|Notice the $399 MSRP Synergistic "Quantum Line Strip" QLS-6 - power bar, no surge suppression - also "Quantum Tunneled"!|
Of interest, you'll notice that one of the wallwarts had a sticker that fell off over time! Here's a close up of the label underneath:
|A basic wall plug AC adaptor, 24V 300mA switching power supply you can order bulk from ENG Electric in China or Taiwan. Unless I'm mistaken, asking price for one of these is $125 (here)!|
Here's the manufacturer's page on the PowerCell 4. It functions as a 4-outlet power bar. I don't think there's any surge suppression on it. It felt surprisingly light weight to me. I have no idea what they mean by a "magnetic cell" or what benefit that affords (?are there magnets in there?). Also, the comment about "The PowerCell 4 also improves picture quality on any display, with darker black levels, better color saturation and a more 3 dimensional picture, simply amazing" should be objectively assessable.
Finally, between the wall outlet and PowerCell 4 is the hefty Tesla T3 SE power cable. Again, here's the manufacturer information page. Looks to me that the main difference is the higher number of conductors (ie. thicker overall effective wire gauge) compared to the T2 SE above. You can read more about this PowerCell & T3 SE combination in this subjective review.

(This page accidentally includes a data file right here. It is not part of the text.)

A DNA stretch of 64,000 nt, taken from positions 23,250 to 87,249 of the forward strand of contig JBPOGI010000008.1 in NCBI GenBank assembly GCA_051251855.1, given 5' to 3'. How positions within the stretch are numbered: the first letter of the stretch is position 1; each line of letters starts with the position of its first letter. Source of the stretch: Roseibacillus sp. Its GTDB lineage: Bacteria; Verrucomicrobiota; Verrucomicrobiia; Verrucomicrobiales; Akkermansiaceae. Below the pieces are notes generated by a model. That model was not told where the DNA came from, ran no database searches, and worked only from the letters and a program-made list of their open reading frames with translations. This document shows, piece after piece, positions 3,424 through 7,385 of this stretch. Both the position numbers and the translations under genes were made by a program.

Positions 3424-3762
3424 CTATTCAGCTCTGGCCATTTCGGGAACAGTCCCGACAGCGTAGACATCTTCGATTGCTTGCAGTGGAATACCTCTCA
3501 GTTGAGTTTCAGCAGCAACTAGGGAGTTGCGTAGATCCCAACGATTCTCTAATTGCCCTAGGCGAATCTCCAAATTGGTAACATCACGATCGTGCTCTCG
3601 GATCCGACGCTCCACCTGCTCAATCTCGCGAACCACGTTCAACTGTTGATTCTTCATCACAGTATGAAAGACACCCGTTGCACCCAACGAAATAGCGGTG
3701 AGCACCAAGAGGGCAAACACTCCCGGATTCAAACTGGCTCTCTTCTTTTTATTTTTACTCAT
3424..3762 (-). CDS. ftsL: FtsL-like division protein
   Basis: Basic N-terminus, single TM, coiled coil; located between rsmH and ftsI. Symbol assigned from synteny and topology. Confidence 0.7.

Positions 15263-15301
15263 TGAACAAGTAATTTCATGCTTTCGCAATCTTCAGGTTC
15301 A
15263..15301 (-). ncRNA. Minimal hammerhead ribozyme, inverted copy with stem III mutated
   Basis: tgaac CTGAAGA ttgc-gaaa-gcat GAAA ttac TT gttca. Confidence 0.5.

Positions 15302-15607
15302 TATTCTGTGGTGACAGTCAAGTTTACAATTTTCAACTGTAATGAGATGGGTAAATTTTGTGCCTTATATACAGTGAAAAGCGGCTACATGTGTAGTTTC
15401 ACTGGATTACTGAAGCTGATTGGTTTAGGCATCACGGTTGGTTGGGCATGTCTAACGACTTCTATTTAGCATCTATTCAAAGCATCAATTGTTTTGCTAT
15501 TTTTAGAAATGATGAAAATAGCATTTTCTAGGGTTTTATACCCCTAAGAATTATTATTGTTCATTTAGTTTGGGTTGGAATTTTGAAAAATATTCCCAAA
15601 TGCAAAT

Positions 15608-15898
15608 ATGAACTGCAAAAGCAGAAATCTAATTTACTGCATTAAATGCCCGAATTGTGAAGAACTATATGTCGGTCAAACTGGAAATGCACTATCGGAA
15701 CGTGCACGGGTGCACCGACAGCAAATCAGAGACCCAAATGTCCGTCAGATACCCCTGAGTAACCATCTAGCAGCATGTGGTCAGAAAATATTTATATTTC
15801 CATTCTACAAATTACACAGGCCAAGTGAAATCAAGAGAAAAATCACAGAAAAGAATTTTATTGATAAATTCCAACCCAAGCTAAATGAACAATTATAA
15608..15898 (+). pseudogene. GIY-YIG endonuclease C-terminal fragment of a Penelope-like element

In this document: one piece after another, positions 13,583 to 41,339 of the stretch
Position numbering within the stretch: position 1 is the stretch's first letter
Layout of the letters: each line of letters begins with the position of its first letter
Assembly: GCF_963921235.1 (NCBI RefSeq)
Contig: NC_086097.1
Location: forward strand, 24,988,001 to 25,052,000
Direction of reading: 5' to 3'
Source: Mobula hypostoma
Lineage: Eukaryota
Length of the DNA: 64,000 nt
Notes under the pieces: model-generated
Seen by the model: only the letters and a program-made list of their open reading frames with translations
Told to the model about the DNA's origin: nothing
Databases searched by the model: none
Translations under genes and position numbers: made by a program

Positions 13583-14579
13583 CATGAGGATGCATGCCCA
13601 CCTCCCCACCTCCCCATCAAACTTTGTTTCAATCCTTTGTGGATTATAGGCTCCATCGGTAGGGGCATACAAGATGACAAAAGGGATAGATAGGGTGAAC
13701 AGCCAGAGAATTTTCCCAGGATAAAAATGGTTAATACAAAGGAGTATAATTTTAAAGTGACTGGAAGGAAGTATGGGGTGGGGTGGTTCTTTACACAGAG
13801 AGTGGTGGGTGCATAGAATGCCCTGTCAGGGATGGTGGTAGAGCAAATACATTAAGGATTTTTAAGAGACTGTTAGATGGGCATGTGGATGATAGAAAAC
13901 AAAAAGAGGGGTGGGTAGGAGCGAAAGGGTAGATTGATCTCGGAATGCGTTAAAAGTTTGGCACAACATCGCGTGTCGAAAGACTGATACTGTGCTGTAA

|T3 SE cable plugged into wall. Notice its own lit "Enigma Bullet" and you can see the "Active Shielding" winding wrapped around the main power cable.|
- Tesla T2 SE cable - $650/5ft (here)
- PowerCell 4 (North American) - $1,250 (here)
- Tesla T3 SE cable - $900/5ft (here)
----- Total MSRP for the set = $2800 USD
II. The TestMy friend lives in a multilevel condo and I figured that if indeed an expensive AC cable system is capable of cleaning up the noise coming through the outlet, then this is the kind of environment to demonstrate an advantage!
Of course, the comparison must be to a generic IEC cable, but lets make the generic AC cord even more disadvantaged - I'm going to add a 12' length of inexpensive extension cord to it. Measurements will be taken off the RCA output from an Oppo BDP-105 which he uses (the Oppo is an excellent USB DAC based on previous tests a year ago). This also gives me an opportunity to show a few measurements beyond my usual ASUS Essence One / Transporter / TEAC UD-501 trio of DACs.
Here then are your test "subjects":
A. Synergistic Research Tesla T2 SE to PowerCell 4 to Tesla T3 SE plugged into the condo wall plug:
B. Generic 6' 18AWG IEC AC cable I got 'free' in the box with something (black) + Generic 12' extension cable (white) into condo wall plug:
Win 8.1 i5 Ultrabook --> shielded USB --> Oppo BDP-105 (powered with either A or B above into outlet) --> shielded (Tributaries) RCA --> EMU 0404USB --> shielded USB --> Win8 AMD X4 measurement laptop
- Newest Oppo USB driver (1.61)
- Latest RightMark Audio Analyzer (6.3.0)